Summary: The physics of how sperm navigate their way to an egg in mammals, including humans, are not well understood. The tendency for sperm to cluster together as they make their way upstream through the thickish, elastic-like fluid of the female reproductive tract is more than just random behavior. Researchers have found biological benefits for sperm working together that may have implications for fertility studies.
Despite the popular idea that the fastest and fittest male reproductive cell is the one that wins the fertilization race, research has shown that spermatozoa often team up to navigate the female reproductive tract in a wide range of mammalian species. A new study published in the journal Frontiers in Cell and Developmental Biology offers some compelling reasons behind a newly identified clustering behavior.
Previous research by the team, led by scientists out of North Carolina A&T State University and Cornell University, first discovered that sperm naturally pull together without attaching to each other when swimming in viscoelastic fluid. This is the type of fluid encountered by sperm migrating through the cervix and uterus to the oviduct where the egg is fertilized. The term viscoelasticity refers to both thickness and elasticity – think melted cheese.
However, teams of unattached sperm do not outrun the solo swimmers, as they do in other examples of group behavior. For instance, the wood mouse sperm head has a hook that physically attaches it to other sperm, linking hundreds to thousands in a sort of sperm train that is speedier than lone sperm.
Going against the flow
The researchers wanted to learn the possible biological benefits of this seemingly strange behavior at a scale and in a setting that’s not easy to study – specifically, currents of viscoelastic fluid flowing through narrow channels in the female reproductive tract. In a series of experiments using bovine sperm (a good model for the human variety) and a microfluidic device to mimic the physical parameters of the female tract, they observed how sperm clustered in viscoelastic fluid reacted to different flow scenarios.
They found three potential biological benefits to sperm clustering, based on the strength of the current that the sperm must travel against. First, in the absence of flow, clustered sperm seem to change direction less frequently and swim in a straighter line. Against a mild to intermediate flow, clustered sperm are better aligned, like a school of fish heading upstream. Finally, under high physiological flow rates, there appears to be safety in numbers against being carried away by the strong flow.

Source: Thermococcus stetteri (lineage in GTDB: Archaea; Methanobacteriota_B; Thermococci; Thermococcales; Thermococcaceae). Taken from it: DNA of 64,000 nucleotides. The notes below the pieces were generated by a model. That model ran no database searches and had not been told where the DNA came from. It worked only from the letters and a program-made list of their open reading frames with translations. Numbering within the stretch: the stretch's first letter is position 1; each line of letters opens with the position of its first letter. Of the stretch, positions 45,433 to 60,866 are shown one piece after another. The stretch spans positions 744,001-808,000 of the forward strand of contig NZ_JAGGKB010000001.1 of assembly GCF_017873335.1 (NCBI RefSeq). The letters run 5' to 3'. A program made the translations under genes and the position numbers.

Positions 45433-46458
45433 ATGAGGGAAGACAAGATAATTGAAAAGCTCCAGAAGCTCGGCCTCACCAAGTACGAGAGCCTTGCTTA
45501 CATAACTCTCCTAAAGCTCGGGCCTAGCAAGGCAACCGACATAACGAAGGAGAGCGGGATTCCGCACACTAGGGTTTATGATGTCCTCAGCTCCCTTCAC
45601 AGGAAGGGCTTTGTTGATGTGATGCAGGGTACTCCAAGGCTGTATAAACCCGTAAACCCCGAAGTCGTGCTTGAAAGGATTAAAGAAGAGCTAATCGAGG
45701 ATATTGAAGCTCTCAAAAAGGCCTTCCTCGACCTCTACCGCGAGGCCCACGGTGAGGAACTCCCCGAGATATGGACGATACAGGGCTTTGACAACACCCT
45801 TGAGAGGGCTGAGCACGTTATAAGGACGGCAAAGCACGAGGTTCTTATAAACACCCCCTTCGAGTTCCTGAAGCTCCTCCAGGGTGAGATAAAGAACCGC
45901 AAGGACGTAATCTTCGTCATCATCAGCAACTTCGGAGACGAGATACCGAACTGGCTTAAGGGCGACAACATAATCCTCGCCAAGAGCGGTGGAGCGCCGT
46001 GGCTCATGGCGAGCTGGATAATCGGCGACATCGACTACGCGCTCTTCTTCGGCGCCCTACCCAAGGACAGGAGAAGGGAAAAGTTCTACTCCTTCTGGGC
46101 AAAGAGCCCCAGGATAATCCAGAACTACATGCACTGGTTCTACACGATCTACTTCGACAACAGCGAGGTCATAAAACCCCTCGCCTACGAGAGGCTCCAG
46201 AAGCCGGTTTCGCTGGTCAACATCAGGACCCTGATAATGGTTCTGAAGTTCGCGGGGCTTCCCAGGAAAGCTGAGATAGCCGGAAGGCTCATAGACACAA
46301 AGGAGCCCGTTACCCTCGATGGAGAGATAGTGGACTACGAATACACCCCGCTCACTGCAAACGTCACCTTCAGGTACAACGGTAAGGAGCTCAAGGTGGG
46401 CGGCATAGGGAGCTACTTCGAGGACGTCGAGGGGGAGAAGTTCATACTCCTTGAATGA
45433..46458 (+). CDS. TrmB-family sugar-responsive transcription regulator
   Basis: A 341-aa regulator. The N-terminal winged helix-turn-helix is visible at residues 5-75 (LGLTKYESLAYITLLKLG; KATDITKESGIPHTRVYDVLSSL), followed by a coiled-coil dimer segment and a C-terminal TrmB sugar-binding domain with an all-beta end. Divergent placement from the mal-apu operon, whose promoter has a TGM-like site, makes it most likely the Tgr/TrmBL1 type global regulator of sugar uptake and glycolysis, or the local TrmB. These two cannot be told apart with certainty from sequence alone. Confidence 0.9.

“In general, I would say that identification of motility advantages that are not speed enhancement is not usual, and therefore significant. In some ways we open new avenues for examination of sperm performance,” noted Dr Chih-kuan Tung, co-author and associate professor in physics at North Carolina A&T State University.
Fertility needs physics
As a trained physicist, Tung said he is particularly intrigued in the protective dynamics at play when the flow is heaviest. “This may resemble the peloton formation in biking, although the fluid mechanics for sperm is drastically different from the bikers. We would certainly want to know more about this.”
Watching sperm swim isn’t just a scientific sport. Better understanding the physics of how sperm navigate through the complicated female reproductive tract to fertilize the egg may have implications for infertility treatments and beyond.
“In the longer term, our understanding may provide better selection of sperm used for intervention such as in vitro fertilization or other assisted-reproduction technologies,” Tung said. “This may be needed as [these methods] typically skip some or all of the selection mechanisms present in the female tract and yield less favorable results.”
For editors / news media:
Please link to the open access original research article “Biological benefits of collective swimming of sperm in a viscoelastic fluid” in Frontiers in Cell and Developmental Biology in your reporting: https://www.frontiersin.org/